Here’s a puzzler. Babe Ruth has a higher batting average than Lou Gehrig in both the first half and second half of the season, but Gehrig has a higher batting average than Ruth for the season overall. How could this be? “What can happen is that Babe Ruth could hit .300 the first half of the season and Lou Gehrig only .290, but Ruth could bat two hundred times to Gehrig’s one hundred times. During the second half of the season, Ruth could bat .400 and Gehrig only .390, but Ruth could have come to bat only a hundred times to Gehrig’s two hundred times at bat. The result would be a higher overall batting average for Gehrig than for Ruth: .357 vs. .333.”

There is some math geek humor sprinkled in the pages of this book: “A man who travels a lot was concerned about the possibility of a bomb on board his plane. He determined the probability of this, found it to be low but not low enough for him, so now he always travels with a bomb in his suitcase. He reasons that the probability of two bombs being on board would be infinitesimal… Isolated but vivid tragedies involving a few people should not blind us to the fact that myriad prosaic activities may involve a much higher degree of risk.”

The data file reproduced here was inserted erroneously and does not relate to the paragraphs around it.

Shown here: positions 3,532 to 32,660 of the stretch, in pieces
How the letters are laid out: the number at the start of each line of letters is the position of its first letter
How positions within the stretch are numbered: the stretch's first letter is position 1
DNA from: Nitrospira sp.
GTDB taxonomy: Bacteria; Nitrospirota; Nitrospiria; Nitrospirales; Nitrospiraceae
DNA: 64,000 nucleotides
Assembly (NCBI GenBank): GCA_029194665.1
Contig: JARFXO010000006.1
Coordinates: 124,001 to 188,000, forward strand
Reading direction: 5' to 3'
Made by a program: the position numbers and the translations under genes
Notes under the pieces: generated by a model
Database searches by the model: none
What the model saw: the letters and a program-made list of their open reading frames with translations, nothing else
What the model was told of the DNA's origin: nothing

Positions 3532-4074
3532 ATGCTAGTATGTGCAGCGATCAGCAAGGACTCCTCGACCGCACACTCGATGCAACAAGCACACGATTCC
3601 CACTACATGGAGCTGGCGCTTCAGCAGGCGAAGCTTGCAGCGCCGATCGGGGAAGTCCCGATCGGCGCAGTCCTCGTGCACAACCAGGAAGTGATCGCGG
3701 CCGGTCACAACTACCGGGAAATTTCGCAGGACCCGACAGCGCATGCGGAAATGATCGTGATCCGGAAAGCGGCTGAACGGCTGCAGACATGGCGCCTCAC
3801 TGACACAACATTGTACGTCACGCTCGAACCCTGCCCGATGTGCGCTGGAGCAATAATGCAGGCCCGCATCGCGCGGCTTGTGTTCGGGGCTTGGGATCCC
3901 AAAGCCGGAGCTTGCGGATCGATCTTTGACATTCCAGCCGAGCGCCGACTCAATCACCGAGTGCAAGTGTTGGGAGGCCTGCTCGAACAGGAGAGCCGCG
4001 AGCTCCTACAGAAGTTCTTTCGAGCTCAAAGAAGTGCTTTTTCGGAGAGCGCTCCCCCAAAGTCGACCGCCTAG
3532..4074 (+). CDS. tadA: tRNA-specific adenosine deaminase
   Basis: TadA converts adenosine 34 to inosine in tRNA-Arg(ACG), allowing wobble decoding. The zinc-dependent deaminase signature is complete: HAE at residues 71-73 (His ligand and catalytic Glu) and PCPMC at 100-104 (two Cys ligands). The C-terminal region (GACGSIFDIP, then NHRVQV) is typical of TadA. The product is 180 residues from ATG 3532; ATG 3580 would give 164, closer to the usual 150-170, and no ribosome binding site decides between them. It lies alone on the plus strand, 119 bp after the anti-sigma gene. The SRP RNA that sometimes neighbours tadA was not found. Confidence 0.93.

Paulos cites research by psychologists Amos Tversky and Daniel Kaheman which provides insight into some mathematically irrational decisions. In one study where participants were to imagine they are military generals, they made contradictory decisions simply based on whether otherwise identical questions were phrased in terms of lives saved or lives lost. “Tversky and Kahneman conclude that people tend to avoid risk when seeking gains, but choose risk to avoid losses.”